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.TH TASKS.CFG 5 "Version 4.3.19: 30 Mar 2015" "Xymon"
.SH NAME
tasks.cfg \- Task definitions for the xymonlaunch utility

.SH SYNOPSIS
.B ~xymon/server/etc/tasks.cfg

.SH DESCRIPTION
The tasks.cfg file holds the list of tasks that xymonlaunch runs 
to perform all of the tasks needed by the Xymon monitor.

.SH FILE FORMAT
A task is defined by a \fBkey\fR, a \fBcommand\fR, and optionally 
also \fBinterval\fR, \fBenvironment\fR, and \fBlogfile\fR.

Blank lines and lines starting with a hash mark (#) are treated as 
comments and ignored.  Long lines can be broken up by putting a 
backslash at the end of the line and continuing the entry on the 
next line.

An entry looks like this:
.sp
    [xymond]
.br
          ENVFILE /usr/local/xymon/server/etc/xymonserver.cfg
.br
          CMD /usr/local/xymon/server/bin/xymond
.sp
    [updateweb]
.br
          ENVFILE /usr/local/xymon/server/etc/xymonserver.cfg
.br
          CMD /usr/local/xymon/server/bin/xymongen
.br
          NEEDS xymond
.br
          GROUP webupdates
.br
          INTERVAL 5m
.br
          ONHOST localhost
.br
          MAXTIME 10m
.br
          LOGFILE /var/log/xymon/updateweb.log
.sp
    [monthlyreport]
.br
          ENVFILE /usr/local/xymon/server/etc/xymonserver.cfg
.br
          CMD /usr/local/xymon/server/ext/monthlyreport.sh
.br
          CRONDATE 30 4 1 * *
.sp
The \fBkey\fR is enclosed in angle brackets, and must be unique
for each task. You can choose your key-names as you like, they
are only used internally in xymonlaunch to identify each task.

The \fBcommand\fR is defined by the \fbCMD\fR keyword. This is
the full command including any options you want to use for this 
task. This is required for all tasks.

The \fBDISABLED\fR keyword means that this command is disabled.
xymonlaunch will not start this task. It is recommended that 
you use this to disable standard tasks, instead of removing them
or commenting them out. Upgrades to Xymon will add standard
tasks back into the file, so unless you have them listed as DISABLED
then tasks may re-appear unexpectedly after an upgrade. There is
also a corresponding \fBENABLED\fR keyword, to explicitly enable 
a task.

The \fBONHOST\fR keyword tells xymonlaunch that this task should
only run on specific hosts. After the ONHOST keyword, you must
provide a "regular expression"; if the hostname where xymonlaunch
runs matches this expression, then the task will run. If it doesn't
match, then the task is treated as if it were DISABLED.

The \fBMAXTIME\fR keyword sets a maximum time that the task may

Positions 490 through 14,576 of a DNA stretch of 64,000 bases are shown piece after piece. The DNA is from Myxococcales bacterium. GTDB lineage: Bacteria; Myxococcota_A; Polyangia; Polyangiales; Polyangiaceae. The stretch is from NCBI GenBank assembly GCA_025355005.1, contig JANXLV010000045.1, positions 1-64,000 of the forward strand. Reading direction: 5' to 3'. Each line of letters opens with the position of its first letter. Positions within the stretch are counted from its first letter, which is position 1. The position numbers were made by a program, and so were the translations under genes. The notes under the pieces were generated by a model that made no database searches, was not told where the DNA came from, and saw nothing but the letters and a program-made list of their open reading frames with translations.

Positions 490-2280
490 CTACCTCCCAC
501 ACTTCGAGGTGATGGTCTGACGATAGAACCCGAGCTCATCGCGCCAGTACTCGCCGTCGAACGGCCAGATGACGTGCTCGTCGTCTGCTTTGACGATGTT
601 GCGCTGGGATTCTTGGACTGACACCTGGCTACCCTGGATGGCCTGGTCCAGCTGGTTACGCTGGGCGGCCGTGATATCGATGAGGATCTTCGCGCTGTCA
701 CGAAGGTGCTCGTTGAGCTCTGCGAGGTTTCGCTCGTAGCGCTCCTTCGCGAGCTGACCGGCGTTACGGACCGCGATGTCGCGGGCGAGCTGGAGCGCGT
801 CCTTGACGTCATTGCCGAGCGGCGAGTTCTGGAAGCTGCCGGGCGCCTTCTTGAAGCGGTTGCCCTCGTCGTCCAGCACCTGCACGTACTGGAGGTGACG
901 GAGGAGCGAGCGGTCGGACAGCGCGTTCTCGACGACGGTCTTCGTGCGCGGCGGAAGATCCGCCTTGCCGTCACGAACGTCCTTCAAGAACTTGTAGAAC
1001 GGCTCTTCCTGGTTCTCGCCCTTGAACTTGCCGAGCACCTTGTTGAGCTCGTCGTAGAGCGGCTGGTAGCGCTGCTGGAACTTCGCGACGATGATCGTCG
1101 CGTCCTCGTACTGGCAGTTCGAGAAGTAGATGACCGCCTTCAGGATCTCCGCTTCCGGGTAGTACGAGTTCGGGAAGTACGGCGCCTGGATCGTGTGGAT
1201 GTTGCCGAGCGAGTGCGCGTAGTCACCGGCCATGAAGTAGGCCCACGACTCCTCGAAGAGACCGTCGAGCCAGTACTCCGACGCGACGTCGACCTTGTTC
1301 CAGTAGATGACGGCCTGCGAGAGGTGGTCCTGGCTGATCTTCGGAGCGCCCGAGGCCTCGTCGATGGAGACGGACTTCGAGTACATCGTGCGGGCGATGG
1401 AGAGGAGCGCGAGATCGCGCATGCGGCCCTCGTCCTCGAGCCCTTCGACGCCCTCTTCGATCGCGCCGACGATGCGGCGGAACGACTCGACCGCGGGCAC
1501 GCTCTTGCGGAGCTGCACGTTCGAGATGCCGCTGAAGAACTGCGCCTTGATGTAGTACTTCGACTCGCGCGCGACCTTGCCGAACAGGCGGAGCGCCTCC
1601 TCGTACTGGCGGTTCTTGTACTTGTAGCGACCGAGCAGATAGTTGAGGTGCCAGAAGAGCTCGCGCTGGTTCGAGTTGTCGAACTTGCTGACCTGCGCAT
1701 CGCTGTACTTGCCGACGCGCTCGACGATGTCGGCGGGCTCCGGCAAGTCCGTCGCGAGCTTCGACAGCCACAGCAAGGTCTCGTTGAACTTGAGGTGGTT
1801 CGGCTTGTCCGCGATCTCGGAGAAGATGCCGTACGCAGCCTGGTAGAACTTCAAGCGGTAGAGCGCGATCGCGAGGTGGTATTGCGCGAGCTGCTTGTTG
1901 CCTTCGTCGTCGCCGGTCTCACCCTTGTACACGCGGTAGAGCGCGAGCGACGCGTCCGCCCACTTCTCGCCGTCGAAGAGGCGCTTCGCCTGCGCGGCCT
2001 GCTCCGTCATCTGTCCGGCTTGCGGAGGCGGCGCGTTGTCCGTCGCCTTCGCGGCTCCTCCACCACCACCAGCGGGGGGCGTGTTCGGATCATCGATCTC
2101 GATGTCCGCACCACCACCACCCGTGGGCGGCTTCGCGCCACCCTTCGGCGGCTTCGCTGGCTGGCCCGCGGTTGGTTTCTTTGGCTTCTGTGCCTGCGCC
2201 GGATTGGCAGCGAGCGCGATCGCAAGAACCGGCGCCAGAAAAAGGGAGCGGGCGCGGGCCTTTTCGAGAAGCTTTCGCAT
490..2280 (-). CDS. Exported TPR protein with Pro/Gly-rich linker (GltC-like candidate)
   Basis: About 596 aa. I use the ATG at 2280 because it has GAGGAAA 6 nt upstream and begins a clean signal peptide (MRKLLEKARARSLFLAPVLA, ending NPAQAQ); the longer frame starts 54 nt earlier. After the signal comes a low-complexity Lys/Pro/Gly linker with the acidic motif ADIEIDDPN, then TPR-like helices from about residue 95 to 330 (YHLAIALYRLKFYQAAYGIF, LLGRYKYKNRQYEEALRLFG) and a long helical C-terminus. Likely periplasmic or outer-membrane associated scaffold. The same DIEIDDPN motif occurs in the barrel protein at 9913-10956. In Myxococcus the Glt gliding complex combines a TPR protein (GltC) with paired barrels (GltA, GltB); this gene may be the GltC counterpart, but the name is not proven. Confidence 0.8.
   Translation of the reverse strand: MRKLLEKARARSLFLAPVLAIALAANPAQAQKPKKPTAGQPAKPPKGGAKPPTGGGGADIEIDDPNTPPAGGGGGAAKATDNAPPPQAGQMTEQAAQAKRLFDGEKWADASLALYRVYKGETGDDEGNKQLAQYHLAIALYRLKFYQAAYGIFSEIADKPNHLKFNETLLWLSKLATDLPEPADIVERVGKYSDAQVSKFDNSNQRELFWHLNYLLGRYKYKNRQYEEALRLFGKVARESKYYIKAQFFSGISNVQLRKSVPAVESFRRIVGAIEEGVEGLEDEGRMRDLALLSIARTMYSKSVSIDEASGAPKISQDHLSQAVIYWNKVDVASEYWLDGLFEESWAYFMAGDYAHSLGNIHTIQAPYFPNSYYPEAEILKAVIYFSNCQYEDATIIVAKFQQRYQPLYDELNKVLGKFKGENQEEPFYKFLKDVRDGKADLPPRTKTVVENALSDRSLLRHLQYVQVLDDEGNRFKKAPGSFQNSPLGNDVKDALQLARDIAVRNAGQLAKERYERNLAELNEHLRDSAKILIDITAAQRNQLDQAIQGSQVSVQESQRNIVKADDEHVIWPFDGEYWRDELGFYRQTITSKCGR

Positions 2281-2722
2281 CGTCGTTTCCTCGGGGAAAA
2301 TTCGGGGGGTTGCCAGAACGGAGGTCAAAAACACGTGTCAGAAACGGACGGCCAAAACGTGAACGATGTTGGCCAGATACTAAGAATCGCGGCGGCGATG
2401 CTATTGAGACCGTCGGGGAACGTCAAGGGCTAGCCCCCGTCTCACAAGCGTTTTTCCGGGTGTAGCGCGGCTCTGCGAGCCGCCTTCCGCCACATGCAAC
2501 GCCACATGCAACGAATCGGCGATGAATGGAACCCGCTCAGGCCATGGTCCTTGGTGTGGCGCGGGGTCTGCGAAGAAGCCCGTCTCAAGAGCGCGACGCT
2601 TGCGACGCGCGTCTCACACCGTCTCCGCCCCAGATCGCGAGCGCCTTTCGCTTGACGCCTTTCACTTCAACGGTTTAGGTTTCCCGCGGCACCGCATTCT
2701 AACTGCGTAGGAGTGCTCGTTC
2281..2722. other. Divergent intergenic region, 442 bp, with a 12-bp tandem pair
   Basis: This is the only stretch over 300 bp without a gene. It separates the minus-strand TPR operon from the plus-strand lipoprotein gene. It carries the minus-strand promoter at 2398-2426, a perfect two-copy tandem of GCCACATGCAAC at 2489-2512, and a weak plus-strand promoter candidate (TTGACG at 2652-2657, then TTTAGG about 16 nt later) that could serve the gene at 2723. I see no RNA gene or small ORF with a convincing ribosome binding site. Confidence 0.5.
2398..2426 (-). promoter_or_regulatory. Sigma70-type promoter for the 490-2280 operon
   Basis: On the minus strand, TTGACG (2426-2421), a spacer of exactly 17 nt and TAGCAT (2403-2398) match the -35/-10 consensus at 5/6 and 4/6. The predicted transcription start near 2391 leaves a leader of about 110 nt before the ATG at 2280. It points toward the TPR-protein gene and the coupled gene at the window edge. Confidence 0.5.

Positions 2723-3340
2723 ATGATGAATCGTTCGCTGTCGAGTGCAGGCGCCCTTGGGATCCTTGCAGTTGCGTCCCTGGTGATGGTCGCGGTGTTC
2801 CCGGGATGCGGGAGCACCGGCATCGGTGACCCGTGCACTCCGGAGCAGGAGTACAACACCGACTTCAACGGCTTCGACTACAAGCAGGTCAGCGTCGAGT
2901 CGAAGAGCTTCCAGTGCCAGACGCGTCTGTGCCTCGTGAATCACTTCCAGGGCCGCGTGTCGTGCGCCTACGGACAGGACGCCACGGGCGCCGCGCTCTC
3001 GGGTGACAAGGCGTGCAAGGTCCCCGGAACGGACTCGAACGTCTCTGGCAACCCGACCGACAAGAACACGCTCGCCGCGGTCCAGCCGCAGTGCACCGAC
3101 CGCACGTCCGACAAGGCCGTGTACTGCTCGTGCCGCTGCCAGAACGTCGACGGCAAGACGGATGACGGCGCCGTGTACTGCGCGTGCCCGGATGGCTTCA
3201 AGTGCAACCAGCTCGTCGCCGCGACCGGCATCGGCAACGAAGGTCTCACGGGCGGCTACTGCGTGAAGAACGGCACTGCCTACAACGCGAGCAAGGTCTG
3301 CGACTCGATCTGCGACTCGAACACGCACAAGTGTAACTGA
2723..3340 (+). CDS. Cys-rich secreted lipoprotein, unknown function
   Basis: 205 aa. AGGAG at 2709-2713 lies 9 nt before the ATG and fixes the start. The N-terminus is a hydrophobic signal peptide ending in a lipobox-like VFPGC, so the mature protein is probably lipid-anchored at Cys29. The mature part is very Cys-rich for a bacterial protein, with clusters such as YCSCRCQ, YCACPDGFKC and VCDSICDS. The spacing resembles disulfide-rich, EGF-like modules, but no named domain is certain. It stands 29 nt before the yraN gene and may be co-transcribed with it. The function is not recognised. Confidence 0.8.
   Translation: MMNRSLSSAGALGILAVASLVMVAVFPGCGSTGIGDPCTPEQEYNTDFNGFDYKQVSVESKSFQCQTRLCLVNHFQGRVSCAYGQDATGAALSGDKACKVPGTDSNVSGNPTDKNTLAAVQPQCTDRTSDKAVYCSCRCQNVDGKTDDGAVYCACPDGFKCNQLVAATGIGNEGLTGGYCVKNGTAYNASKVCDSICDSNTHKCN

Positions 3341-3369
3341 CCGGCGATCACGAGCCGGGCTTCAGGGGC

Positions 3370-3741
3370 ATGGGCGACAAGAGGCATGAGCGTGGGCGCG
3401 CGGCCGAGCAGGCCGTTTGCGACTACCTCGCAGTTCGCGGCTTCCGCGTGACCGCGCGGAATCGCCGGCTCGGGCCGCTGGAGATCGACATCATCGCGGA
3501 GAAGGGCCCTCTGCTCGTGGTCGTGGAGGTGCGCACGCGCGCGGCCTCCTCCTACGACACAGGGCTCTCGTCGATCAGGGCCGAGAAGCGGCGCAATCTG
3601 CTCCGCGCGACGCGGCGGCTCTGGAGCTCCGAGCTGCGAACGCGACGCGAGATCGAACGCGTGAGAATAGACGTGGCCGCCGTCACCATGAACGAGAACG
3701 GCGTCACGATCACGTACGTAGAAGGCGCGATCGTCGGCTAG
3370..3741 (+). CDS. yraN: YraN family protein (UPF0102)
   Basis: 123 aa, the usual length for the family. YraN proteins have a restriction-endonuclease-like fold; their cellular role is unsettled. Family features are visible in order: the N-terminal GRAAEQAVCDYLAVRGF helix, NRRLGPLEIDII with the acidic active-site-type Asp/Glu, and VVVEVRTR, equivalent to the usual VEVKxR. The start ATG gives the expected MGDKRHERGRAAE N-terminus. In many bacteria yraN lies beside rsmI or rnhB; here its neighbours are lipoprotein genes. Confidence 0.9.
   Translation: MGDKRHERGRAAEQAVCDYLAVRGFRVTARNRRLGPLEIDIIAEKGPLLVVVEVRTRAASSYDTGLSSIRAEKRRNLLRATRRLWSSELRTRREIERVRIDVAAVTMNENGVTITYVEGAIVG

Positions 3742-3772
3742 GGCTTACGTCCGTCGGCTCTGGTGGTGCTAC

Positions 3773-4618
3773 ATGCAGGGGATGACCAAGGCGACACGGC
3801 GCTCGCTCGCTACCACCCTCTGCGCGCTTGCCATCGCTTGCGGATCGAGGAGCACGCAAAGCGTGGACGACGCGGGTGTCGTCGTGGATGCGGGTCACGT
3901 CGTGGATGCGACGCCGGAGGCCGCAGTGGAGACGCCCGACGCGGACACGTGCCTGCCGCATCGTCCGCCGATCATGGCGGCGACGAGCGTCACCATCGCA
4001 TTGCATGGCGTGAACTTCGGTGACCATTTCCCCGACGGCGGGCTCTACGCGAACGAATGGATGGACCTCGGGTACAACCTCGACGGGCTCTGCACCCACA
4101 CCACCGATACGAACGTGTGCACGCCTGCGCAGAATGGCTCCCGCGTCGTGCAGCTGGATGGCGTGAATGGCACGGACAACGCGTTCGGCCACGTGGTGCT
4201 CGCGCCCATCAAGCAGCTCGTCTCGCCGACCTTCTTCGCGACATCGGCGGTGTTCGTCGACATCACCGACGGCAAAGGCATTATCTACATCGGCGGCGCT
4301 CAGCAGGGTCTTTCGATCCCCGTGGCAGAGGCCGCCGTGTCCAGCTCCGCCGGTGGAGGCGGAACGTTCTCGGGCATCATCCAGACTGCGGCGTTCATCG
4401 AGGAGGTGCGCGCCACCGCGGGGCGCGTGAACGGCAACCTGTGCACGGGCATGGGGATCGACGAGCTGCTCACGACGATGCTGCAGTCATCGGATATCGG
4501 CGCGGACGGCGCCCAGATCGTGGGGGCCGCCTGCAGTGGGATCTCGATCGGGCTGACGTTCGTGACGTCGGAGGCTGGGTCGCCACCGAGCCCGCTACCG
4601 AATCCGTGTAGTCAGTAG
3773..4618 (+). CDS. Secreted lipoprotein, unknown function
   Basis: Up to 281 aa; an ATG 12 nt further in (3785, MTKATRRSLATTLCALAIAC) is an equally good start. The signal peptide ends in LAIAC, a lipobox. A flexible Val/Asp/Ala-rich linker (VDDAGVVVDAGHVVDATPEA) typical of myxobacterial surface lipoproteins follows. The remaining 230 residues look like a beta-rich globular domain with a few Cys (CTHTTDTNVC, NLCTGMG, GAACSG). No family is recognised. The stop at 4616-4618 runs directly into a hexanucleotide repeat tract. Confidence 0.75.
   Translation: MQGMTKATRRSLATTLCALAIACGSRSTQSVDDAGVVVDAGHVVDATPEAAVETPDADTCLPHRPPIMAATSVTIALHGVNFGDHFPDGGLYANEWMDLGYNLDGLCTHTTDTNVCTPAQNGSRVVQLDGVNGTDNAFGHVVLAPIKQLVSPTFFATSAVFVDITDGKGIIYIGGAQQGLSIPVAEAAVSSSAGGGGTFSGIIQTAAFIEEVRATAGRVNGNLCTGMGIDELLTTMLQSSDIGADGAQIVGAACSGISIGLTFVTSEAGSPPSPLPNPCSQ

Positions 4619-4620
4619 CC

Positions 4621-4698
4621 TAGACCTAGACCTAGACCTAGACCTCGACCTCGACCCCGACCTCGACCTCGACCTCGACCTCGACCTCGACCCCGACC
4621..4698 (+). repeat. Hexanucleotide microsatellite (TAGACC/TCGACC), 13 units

run; if exceeded, xymonlaunch will kill the task. The time
is in seconds by default, you can specify minutes, hours or
days by adding an "m", "h" or "d" after the number. By default
there is no upper limit on how long a taskmay run.

The \fBNEEDS\fR instructs xymonlaunch not to run this task unless
the task defined by the NEEDS keyword is already running. This
is used e.g. to delay the start of some application until the
needed daemons have been started. The task that must be running
is defined by its \fBkey\fR.

The \fBGROUP\fR keyword can be used to limit the number of tasks 
that may run simultaneously. E.g. if you are generating multiple
pagesets of webpages, you dont want them to run at the same time.
Putting them into a GROUP will cause xymonlaunch to delay the start
of new tasks, so that only one task will run per group. You can
change the limit by defining the group before the tasks, with
a "GROUP groupname maxtasks" line.

The \fBINTERVAL\fR keyword defines how often this command is
executed. The example shows a command that runs every 5 minutes.
If no interval is given, the task is only run once - this is
useful for tasks that run continually as daemons - although
if the task stops for some reason, then xymonlaunch will attempt
to restart it. Intervals can be specified in seconds (if you 
just put a number there), or in minutes (5m), hours (2h), or
days (1d).

The \fBCRONDATE\fR keyword is used for tasks that must run at
regular intervals or at a specific time. The time specification
is identical to the one used by cron in
.I crontab(5)
entries, i.e. a sequence of numbers for minute, hour, day-of-month, 
month and day-of-week. Three-letter abbreviations in english can
be used for the month and day-of-week fields. An asterisk is a
wildcard. So in the example above, this job would run once a
month, at 4:30 AM on the 1st day of the month.

The \fBENVFILE\fR setting points to a file with definitions of
environment variables. Before running the task, xymonlaunch will
setup all of the environment variables listed in this file.
Since this is a per-task setting, you can use the same xymonlaunch
instance to run e.g. both the server- and client-side Xymon 
tasks. If this option is not present, then the environment 
defined to xymonlaunch is used.

The \fBENVAREA\fR setting modifies which environment variables
are loaded, by picking up the ones that are defined for this
specific "area". See 
.I xymonserver.cfg(5)
for information about environment areas.

The \fBLOGFILE\fR setting defines a logfile for the task.
xymonlaunch will start the task with stdout and stderr redirected
to this file. If this option is not present, then the output
goes to the same location as the xymonlaunch output.

.SH "SEE ALSO"
xymonlaunch(8), xymond(8), crontab(5), xymon(7)